Premium Pay

Premium pay refers to the higher pay rate given to employees for working outside of “normal” office hours or under less desirable working conditions.

The most common example of premium pay in action is the commonly known overtime (OT).

This is when employees work more than the official office hours. The additional hours put in after the regular hours would be on a premium pay rate.

This is often 50% to 100% more than the regular pay rate.

Staff who work weekends also usually make higher per hour wage compared to those who only work on weekdays.

Sometimes also known as penalty pay, premium pay can often also be observed for staff who work during the holidays, doing late shifts, or even taking on more hazardous work.

While some people who work regular office hours might sometimes complain about the lower pay rate they get compared to those who are on premium pay, most would quietly understand why certain employees earn a better salary per hour.

It is due to the personal sacrifices that they have to make for working irregular hours.

For example, a person working night shifts would means that he would have to sacrifice spending time with his family. This can be even more valuable when a husband has dependents to take care of at home.

This is why staff who are working regular hours are often given a choice to work irrugular hours if they wish to earn premium pay.

And most would be willing to accept regular pay so that they don’t have to make these personal sacrifices.

Nature of job

For a lot of businesses, having a workforce that works odd hours is just part and parcel of the nature of business.

For example, brokerages that track trades all over the world might require brokers on standby all the time. Customer service call centers might also require representatives on the phone 24/7 when they serve a global customer base.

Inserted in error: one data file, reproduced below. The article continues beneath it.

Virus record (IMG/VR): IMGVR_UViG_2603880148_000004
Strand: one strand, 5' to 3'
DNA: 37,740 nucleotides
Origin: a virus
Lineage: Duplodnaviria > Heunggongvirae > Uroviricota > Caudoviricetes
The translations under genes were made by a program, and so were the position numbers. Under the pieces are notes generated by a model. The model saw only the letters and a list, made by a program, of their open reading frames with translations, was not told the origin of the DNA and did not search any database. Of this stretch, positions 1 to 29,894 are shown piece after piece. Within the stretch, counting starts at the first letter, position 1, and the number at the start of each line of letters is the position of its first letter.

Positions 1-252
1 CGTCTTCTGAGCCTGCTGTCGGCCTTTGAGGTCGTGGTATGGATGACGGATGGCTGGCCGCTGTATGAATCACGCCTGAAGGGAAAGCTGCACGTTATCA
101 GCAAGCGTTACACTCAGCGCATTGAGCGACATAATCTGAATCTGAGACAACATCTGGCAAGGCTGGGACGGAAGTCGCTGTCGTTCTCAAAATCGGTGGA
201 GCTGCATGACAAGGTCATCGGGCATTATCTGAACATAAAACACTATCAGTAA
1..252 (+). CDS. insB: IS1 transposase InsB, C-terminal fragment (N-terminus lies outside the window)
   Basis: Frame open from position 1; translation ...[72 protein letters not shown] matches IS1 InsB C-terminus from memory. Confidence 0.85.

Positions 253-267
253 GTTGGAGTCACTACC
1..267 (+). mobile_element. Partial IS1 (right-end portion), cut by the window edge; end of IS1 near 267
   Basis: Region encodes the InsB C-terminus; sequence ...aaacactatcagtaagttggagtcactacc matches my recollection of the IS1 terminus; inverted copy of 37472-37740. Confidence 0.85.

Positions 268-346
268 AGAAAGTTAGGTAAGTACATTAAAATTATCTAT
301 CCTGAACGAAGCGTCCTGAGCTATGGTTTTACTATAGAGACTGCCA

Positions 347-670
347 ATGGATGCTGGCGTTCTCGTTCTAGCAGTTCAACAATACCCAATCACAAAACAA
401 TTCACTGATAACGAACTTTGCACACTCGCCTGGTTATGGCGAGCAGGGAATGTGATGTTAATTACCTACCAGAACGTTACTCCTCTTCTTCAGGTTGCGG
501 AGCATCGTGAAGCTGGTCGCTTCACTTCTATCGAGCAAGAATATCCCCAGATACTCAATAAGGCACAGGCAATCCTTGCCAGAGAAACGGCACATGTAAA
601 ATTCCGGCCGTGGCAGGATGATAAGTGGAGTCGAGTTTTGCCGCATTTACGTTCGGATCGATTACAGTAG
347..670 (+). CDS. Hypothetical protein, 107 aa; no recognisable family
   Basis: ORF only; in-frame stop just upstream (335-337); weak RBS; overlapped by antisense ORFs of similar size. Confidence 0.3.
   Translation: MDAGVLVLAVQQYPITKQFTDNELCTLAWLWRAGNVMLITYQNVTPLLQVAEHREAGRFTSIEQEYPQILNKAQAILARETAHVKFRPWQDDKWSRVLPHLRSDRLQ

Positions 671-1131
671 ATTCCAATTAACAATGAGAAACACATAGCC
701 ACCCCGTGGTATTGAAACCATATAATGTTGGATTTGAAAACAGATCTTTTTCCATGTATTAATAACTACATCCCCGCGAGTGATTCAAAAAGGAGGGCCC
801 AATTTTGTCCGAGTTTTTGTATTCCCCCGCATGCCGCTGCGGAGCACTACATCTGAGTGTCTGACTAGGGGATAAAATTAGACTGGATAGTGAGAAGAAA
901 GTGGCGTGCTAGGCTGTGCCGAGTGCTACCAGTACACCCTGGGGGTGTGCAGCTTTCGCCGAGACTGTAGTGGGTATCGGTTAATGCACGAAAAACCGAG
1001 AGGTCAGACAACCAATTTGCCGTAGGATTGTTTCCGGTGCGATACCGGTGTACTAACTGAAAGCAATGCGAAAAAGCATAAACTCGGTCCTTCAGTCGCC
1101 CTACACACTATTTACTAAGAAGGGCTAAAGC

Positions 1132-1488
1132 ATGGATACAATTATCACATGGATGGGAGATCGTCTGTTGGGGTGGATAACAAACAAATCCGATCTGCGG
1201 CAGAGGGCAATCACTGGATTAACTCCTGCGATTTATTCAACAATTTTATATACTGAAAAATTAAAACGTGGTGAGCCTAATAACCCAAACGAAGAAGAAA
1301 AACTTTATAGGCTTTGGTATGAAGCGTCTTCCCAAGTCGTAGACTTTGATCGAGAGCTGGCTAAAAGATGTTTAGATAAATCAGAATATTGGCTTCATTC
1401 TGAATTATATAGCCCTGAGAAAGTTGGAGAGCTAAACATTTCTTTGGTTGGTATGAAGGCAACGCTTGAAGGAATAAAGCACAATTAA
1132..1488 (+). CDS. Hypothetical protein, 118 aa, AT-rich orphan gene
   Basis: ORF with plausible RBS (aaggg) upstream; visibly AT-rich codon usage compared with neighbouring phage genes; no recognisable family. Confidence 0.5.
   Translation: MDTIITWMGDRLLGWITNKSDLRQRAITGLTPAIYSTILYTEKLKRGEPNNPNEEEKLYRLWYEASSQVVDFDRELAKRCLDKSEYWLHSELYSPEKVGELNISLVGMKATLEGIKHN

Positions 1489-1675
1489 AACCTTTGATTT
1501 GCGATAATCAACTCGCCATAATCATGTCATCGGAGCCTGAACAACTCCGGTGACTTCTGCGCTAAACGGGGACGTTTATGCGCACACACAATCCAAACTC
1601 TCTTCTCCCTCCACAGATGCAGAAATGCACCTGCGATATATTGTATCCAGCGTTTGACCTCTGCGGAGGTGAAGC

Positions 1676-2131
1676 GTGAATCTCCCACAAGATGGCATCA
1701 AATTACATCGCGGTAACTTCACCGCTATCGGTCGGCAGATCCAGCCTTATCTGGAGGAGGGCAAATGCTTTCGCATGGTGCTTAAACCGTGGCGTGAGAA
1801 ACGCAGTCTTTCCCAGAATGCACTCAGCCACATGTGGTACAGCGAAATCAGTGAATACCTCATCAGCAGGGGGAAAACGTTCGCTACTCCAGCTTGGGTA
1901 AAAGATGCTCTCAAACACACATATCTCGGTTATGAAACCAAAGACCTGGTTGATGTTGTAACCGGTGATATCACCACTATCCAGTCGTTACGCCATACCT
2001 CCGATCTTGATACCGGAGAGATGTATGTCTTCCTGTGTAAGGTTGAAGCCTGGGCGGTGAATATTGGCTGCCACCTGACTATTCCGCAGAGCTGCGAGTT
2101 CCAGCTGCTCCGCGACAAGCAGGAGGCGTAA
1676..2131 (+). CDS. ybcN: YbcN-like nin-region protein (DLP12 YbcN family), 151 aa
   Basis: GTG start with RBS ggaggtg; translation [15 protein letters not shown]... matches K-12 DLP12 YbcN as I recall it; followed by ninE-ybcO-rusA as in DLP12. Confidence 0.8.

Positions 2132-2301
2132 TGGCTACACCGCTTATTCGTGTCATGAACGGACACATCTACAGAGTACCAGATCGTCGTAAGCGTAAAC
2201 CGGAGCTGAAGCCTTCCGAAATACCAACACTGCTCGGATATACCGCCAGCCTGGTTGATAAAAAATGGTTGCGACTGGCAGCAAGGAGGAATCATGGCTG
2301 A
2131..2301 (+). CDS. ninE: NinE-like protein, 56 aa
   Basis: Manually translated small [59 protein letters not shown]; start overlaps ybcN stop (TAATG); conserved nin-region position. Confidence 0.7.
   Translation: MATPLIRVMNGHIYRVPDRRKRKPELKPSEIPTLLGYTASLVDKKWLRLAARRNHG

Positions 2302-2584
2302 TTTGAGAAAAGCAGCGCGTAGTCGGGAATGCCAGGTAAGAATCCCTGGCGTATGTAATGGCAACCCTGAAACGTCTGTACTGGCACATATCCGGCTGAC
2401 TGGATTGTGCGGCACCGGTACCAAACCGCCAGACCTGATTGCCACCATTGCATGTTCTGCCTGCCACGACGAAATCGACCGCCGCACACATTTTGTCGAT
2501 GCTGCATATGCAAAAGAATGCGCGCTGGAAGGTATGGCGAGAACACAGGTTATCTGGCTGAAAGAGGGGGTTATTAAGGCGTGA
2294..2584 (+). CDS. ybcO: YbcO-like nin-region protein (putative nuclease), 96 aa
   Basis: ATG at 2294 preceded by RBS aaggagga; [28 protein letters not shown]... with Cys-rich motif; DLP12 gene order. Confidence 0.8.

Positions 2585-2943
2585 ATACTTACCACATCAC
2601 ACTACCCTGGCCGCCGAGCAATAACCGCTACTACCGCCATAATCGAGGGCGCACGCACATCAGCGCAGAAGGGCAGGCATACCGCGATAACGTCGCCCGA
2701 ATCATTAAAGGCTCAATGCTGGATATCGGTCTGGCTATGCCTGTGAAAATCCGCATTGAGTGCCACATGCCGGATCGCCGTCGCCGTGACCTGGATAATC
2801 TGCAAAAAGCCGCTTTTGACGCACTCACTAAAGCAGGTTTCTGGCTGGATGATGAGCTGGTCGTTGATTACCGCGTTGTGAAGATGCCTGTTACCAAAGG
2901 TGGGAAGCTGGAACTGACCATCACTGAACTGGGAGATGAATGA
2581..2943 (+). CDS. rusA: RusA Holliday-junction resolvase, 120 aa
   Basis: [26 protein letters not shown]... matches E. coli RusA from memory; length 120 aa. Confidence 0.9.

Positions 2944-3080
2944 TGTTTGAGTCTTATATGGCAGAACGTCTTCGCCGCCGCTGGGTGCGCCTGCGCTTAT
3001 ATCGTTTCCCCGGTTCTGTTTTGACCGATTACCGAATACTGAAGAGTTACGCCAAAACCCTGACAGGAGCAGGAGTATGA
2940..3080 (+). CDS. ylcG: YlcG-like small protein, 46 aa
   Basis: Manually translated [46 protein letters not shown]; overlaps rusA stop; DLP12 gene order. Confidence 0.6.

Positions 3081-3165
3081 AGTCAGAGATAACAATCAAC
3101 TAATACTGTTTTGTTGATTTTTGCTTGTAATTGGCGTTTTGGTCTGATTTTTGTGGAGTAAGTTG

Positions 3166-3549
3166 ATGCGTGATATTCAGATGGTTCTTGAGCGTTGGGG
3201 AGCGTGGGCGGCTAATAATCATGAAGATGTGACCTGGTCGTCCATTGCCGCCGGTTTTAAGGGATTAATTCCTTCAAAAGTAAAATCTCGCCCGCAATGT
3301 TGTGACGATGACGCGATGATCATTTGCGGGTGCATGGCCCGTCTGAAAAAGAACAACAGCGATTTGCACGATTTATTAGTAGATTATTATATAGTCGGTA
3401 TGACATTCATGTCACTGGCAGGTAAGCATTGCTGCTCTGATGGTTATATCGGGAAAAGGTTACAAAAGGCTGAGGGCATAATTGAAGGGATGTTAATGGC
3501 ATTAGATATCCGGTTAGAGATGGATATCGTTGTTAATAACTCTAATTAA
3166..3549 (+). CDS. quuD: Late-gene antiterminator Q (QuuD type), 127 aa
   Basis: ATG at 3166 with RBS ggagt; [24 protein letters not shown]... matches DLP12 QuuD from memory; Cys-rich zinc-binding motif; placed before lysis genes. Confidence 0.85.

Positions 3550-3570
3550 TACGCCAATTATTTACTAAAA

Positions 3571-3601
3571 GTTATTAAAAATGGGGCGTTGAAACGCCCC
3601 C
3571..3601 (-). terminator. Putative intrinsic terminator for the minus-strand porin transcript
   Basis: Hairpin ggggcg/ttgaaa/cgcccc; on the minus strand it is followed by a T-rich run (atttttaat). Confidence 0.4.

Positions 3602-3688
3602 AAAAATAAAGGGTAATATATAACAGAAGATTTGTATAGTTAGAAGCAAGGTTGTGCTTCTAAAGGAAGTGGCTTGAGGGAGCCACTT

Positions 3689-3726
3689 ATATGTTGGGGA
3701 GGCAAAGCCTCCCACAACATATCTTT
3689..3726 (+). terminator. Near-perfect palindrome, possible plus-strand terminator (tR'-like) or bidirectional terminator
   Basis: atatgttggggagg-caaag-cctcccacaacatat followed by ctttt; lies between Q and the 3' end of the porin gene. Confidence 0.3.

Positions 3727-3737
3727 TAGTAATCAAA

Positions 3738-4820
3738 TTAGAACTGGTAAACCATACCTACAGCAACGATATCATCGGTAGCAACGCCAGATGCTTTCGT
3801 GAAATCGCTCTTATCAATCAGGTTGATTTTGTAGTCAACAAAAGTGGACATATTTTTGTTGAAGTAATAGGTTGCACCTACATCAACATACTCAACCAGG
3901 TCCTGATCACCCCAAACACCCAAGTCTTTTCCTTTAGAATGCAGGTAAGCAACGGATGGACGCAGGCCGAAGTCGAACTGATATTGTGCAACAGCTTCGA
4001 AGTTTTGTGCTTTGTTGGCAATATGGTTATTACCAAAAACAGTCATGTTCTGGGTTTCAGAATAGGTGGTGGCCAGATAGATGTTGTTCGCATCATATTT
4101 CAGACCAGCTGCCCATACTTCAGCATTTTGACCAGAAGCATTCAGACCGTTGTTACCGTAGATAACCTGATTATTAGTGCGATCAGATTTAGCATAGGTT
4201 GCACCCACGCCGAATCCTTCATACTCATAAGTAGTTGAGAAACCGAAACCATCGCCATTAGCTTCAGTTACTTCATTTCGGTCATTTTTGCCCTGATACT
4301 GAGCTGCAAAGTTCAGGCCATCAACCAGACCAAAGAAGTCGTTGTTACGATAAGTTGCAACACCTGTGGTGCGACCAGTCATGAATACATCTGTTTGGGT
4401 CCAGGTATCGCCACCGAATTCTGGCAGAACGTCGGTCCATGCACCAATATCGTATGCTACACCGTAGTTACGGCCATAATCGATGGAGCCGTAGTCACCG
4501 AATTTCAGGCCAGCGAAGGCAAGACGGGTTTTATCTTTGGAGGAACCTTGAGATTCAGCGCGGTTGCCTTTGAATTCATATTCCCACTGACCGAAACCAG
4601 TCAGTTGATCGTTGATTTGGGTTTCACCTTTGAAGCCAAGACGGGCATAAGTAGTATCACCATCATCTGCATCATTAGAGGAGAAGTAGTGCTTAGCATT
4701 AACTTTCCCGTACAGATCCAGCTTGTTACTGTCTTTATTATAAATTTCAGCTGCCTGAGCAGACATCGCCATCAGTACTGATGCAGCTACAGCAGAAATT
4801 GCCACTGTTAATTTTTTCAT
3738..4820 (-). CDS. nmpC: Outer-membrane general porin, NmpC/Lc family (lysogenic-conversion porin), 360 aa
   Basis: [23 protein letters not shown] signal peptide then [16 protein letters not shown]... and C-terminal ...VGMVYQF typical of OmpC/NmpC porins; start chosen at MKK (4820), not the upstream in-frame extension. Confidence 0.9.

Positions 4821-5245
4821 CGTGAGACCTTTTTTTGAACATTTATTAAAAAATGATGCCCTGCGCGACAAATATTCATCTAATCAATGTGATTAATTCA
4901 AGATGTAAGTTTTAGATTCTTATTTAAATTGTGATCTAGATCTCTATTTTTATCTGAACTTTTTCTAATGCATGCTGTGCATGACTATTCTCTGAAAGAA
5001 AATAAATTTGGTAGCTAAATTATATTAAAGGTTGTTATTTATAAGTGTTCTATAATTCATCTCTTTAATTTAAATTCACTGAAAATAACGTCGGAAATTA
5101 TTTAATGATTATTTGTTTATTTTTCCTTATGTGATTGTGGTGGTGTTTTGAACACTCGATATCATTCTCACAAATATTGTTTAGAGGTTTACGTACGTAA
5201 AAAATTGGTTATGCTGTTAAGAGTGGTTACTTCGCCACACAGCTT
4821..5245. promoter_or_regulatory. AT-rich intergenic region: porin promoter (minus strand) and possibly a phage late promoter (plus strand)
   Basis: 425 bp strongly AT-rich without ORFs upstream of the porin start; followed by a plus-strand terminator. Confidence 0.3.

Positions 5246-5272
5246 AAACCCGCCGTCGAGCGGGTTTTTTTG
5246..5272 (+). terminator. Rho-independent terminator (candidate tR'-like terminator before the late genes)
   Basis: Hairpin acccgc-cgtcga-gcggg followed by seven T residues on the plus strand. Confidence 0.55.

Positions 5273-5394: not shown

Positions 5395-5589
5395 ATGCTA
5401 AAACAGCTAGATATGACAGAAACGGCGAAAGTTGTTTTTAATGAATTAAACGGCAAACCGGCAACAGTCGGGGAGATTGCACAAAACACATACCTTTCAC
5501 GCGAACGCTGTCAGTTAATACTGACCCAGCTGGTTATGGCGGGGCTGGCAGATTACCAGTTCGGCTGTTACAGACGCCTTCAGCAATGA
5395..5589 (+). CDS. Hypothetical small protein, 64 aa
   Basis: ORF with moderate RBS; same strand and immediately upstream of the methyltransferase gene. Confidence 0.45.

Yet even though operating 24 hours a day might be part and parcel of some companies, requiring their employees to work odd hours would also usually enable such employees to command premium pay.

Again, this is because if given a choice, most people would probably prefer to work regular office hours as their social and personal life would be negatively affected if they work outside of office hours.

If a company refuses to offer a pay rate above the normal pay rate, then it might find it very difficult to hire staff who can deliver what is required.

Another type of premium pay is for those who work under hazardous conditions.

The extra risks that employees expose themselves to makes premium pay justified.

For example, an electrician working on light bulbs indoors is going to be safer than an electrician who is doing work on top of cell towers. Or an engineer working in a common factory would face a lesser safety hazard than one who does his work in a chemical plant.

People willing to work under such potentially hazardous conditions would usually have their premium pay rate easily justified.

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